Yes. However, the 2022 Florida Statute Section 381.986 only allows the medical use of marijuana in the state and is regulated by the Department of Health Office of Medical Marijuana Use (OMMU). The department issues licenses to Medical Marijuana Treatment Centers (MMTCs) to cultivate, process, transport, and dispense marijuana. These centers should be at least 500 feet away from a public or private elementary school, middle school, or secondary school.
Only indoor cultivation, in a room away from other plants, by MMTCs is allowed by the state. Anybody else cultivating marijuana violates Section 893.13 and is punishable by law. Section 381.986 provides the following guidelines for MMTCs:
Yes, although only licensed MMTCs are allowed by the state to process and manufacture marijuana. In compliance with Section 381.986, the following are some of the requirements to be followed when manufacturing marijuana:
Pursuant to Chapter 500, MMTCs that produce edibles are also required to have a permit to operate as a food establishment and must abide by any regulations under said chapter. Edibles should not be appealing to children, and a single serving cannot include more than 10 milligrams of tetrahydrocannabinol.
Yes, the state also allows licensed MMTCs to dispense medical marijuana. At present, there are 12 MMTC dispensing facilities in Volusia County. These dispensaries sell products such as CBD oil, edibles, tinctures, tincture cartridges, topicals, oral syringes, capsules, flowers, and concentrates which may only be dispensed in a medical marijuana delivery device specified in a physician certification.
According to Section 381.986, the following is the limit for cannabis retail:
An employee who will dispense a marijuana product is required to utilize the medical marijuana use registry to verify that the buyer is an active registered qualified patient or caregiver. Upon dispensing, the date and time of dispensing, amount and form of marijuana dispensed, type of marijuana delivery device dispensed, and name and registry identification number of the qualified patient or caregiver should be recorded by the employee in the registry.
Yes. Following Section 381.986, the state allows marijuana to be delivered by licensed MMTCs 24 hours a day. However, delivery is only allowed to actively registered medical marijuana cardholders, which can either be the qualified patient and/or their caregiver.
The Section also sets the following requirements to ensure the safe transport of marijuana and delivery devices:
Florida grants a medical marijuana card to its qualified residents by applying online or by mail. A qualified physician should issue a physician certification for the patient or caregiver. To qualify, a patient must have at least one of the following conditions: cancer, epilepsy, glaucoma, HIV/AIDS, posttraumatic stress disorder, amyotrophic lateral sclerosis, Crohn’s disease, Parkinson’s disease, multiple sclerosis, conditions of the same kind, a terminal condition diagnosed by a physician other than the qualified physician issuing the physician certification, and chronic nonmalignant pain.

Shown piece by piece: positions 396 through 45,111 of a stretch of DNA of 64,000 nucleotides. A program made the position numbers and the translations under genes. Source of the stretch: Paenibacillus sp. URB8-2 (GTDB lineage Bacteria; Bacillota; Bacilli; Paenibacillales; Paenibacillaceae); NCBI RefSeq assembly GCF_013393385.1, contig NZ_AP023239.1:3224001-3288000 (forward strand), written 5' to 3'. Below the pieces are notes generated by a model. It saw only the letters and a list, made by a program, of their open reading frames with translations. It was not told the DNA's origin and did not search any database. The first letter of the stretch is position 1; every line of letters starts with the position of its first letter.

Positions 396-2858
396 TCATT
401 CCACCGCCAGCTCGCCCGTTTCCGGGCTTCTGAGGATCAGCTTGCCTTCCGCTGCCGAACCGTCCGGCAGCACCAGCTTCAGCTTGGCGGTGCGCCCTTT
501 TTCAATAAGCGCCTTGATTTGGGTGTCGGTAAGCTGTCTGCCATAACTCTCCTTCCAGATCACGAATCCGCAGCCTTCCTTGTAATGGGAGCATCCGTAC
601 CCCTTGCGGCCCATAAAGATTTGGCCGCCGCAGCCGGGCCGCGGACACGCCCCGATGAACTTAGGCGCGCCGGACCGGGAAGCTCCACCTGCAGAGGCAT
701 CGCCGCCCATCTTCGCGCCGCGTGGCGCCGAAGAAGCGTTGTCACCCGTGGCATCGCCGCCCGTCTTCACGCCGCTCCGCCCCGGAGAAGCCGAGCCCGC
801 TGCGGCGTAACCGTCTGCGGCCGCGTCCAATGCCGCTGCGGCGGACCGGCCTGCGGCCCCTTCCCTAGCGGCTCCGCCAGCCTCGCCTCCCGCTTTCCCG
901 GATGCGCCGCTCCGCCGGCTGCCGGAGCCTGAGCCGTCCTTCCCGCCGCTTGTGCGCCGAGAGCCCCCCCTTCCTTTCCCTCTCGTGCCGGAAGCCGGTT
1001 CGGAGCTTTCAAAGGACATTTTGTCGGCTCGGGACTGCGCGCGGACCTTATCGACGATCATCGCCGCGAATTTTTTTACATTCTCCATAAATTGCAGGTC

According to OMMU, the following are the requirements for the application:
Applicants may apply online by logging in to the Medical Marijuana Use Registry, supplying all requirements, and submitting payment. On the other hand, application by mail may be done by printing and accomplishing a patient or caregiver application form and then sending it to this address:
Office of Medical Marijuana Use
PO Box 31313
Tampa, FL 33631-3313
The official medical marijuana card will be mailed to the applicant once approved. For assistance, the department may be reached via 800-808-9580.
Florida legalized medical marijuana in 2016. According to projections, the state's medical marijuana market will be worth more than $1.5 billion by 2020 and could occupy as much as 7.9% of the total US legal marijuana market. Although its sales are not subject to an excise tax, purchases still have a 6% retail sales tax statewide. One year after its legalization, around $20 million to $40 million was made from cannabis sales.
Based on records, the state’s medical marijuana market continues to grow. As of August 2022, the state now has 743,467 qualified patients, 2,468 qualified physicians, and 463 dispensaries. In a span of one week, it has sold a total of 249,899,970 milligrams of THC, 2,781,011 milligrams CBD, and 81,060.424 ounces of marijuana in smoking form.
Volusia County voted in 2016 to allow its law officers to issue tickets and impose fines on its residents caught possessing 20 grams of marijuana or less rather than arresting and charging them. In 2020, crime rates in the Volusia Sheriff's Office's jurisdiction decreased compared to data recorded in 2019.
In the entire state, the number of arrests based on driving under the influence (DUI), marijuana possession, and marijuana sale has decreased since 2017. According to the FBI Crime Data Explorer, from having 32,697 DUI arrests, 135 arrests for possession, and three arrests for sale, it is now down to 29,126 DUI arrests, 16 arrests for possession, and one arrest for sale in 2020.